YOUR BENEFITS: COUNSELLING SERVICES
At their last meeting on April 29, 2021, the NBTF Group Insurance Trustees decided to extend the eligibility criteria counselling services.
Effective May 1st, the qualifications required by the group insurance plan to obtain reimbursement for the services of a counsellor are:
- Master’s degree in social work
- Master’s degree in education with a major in counselling
- Certification from the Canadian Counselling and Psychotherapy Association
The maximum reimbursement for expenses incurred for counselling services is $600 per person, per calendar year.
Note: This change does will not impact the list of already eligible counsellors.
Pandemic life has illuminated the need to focus on improving wellness
If you asked most people how well they feel in the midst of the COVID-19 pandemic, they would likely express their vulnerability and fatigue. Public Health protocols surrounding social distancing, isolation/quarantine requirements, the demands of working from home while simultaneously helping school-age children with online learning or managing the daily challenges of caring for younger children are all having detrimental effects on people’s mental, physical and emotional health.
People are experiencing insomnia and disinterest in tasks that require physical effort. There’s been increases in obsessive-compulsive behaviours, social anxiety, and germaphobia relating to cleanliness protocols. Some people have also experienced significant losses, be it of the lives of family and friends who have succumbed to COVID-19, or their own health if they happen to be dealing with longer-term effects of COVID-19 on their lungs and heart, for example.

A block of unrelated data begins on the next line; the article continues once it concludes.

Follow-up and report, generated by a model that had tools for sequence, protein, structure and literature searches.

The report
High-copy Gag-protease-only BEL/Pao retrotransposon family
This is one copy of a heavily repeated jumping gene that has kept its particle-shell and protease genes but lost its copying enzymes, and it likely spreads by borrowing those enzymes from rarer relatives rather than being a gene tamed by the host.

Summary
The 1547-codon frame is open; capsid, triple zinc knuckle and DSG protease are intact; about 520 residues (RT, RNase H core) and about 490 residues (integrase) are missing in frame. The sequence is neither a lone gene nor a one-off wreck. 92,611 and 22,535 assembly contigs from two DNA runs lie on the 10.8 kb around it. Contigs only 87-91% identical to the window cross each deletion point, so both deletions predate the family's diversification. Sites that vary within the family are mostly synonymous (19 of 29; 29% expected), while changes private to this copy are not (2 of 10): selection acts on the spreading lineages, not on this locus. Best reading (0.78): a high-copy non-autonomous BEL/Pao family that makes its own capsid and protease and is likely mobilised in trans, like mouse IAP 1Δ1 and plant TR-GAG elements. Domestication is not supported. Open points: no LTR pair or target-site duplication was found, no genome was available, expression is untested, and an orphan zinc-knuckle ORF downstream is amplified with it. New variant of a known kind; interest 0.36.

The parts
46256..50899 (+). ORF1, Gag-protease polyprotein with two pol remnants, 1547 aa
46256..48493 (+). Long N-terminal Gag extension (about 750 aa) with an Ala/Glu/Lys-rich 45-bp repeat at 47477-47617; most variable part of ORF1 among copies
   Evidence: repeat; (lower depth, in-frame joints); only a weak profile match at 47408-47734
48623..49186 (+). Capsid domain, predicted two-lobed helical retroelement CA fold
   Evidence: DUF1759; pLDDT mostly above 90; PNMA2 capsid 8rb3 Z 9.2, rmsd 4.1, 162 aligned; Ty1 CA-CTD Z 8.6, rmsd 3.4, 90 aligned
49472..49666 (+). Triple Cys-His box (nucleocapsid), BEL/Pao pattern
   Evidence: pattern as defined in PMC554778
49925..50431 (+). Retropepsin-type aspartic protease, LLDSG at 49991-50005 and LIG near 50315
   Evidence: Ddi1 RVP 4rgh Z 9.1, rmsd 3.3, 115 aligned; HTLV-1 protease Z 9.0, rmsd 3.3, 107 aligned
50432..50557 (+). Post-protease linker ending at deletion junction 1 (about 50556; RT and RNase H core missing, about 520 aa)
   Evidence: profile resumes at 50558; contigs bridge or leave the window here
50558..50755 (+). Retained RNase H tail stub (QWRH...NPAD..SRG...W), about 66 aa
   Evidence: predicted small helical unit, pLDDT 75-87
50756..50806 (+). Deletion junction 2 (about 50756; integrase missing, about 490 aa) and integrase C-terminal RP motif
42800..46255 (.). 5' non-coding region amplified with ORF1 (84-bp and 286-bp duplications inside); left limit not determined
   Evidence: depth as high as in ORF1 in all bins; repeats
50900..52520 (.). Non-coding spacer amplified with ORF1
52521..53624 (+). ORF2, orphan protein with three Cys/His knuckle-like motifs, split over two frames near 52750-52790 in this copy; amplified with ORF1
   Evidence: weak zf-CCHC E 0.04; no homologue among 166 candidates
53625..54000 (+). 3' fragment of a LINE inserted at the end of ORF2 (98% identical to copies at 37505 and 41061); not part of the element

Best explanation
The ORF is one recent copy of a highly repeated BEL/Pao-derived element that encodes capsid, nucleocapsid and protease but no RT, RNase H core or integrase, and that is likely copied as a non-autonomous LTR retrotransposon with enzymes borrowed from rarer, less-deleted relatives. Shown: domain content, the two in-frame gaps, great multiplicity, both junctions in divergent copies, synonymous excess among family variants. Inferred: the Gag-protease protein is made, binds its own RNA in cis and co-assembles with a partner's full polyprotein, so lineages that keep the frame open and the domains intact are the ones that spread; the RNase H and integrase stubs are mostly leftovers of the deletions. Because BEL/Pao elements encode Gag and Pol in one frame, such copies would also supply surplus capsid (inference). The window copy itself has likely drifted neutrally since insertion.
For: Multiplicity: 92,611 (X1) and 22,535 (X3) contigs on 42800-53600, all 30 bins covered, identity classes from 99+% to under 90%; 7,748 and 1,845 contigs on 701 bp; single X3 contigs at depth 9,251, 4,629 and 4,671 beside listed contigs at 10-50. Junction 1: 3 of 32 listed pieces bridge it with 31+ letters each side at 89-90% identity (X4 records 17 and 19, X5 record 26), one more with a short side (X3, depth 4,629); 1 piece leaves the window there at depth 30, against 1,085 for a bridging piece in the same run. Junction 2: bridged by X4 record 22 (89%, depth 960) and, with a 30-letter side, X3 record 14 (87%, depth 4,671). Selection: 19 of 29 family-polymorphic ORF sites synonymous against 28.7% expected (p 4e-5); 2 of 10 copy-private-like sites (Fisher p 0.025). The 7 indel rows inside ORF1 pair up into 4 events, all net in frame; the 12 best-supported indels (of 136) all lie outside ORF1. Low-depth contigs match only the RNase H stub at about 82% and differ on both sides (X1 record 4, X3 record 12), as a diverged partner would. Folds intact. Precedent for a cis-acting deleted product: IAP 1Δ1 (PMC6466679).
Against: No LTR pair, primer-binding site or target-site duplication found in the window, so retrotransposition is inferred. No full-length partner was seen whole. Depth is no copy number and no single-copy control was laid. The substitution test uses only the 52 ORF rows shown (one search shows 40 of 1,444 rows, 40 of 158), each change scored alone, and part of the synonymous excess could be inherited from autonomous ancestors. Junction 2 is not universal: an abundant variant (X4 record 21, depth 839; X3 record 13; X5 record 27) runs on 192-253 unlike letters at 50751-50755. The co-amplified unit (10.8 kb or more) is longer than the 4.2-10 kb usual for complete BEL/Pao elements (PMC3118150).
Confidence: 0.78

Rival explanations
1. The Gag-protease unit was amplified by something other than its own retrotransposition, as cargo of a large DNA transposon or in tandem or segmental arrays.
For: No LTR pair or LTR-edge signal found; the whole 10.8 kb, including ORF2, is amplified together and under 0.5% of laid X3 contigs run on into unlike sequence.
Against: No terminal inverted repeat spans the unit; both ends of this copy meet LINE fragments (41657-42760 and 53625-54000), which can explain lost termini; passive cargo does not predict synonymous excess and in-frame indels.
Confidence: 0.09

Right now, researchers and psychologists are quite concerned about the long-term effects that stress has been having on people as we continue to live in the uncertainty of the COVID-19 pandemic. They’re apprehensive because of the duration and scale of all aspects of life that have been affected. Many people who have experienced job loss have had difficulty maintaining adequate food supply and/or maintaining housing or related costs. They have yet to see reliable recovery and are dealing with high rates of adverse mental health due to chronic stress.
Joshua C Morganstein, Assistant Director of the Centre for Study of Traumatic Stress, points to catastrophic events worldwide — everything from the Chernobyl nuclear accident, the SARS pandemic in 2003 to Hurricane Katrina in New Orleans in 2005. He cautions that the “adverse mental health effects of disasters impact more people and last much longer than the health effects.”2 Morganstein recognizes how detrimental stress is and how deeply it can affect people and consequently, society. He advocates that we need to begin to view stress “like a toxin, such as lead or radon” and appreciate how exposure to stress will affect people longer-term.
However, for a subset of people, pandemic life has been “remarkably positive.”4 For some people who experienced high levels of stress in the pre-pandemic world, the restrictions have reduced their anxiety, eliminated panic attacks, and they have enjoyed a greater sense of freedom and safety. In these instances, they’ve achieved better work-life balance and accomplished tasks they may have previously avoided, such as decluttering and have even started hobbies.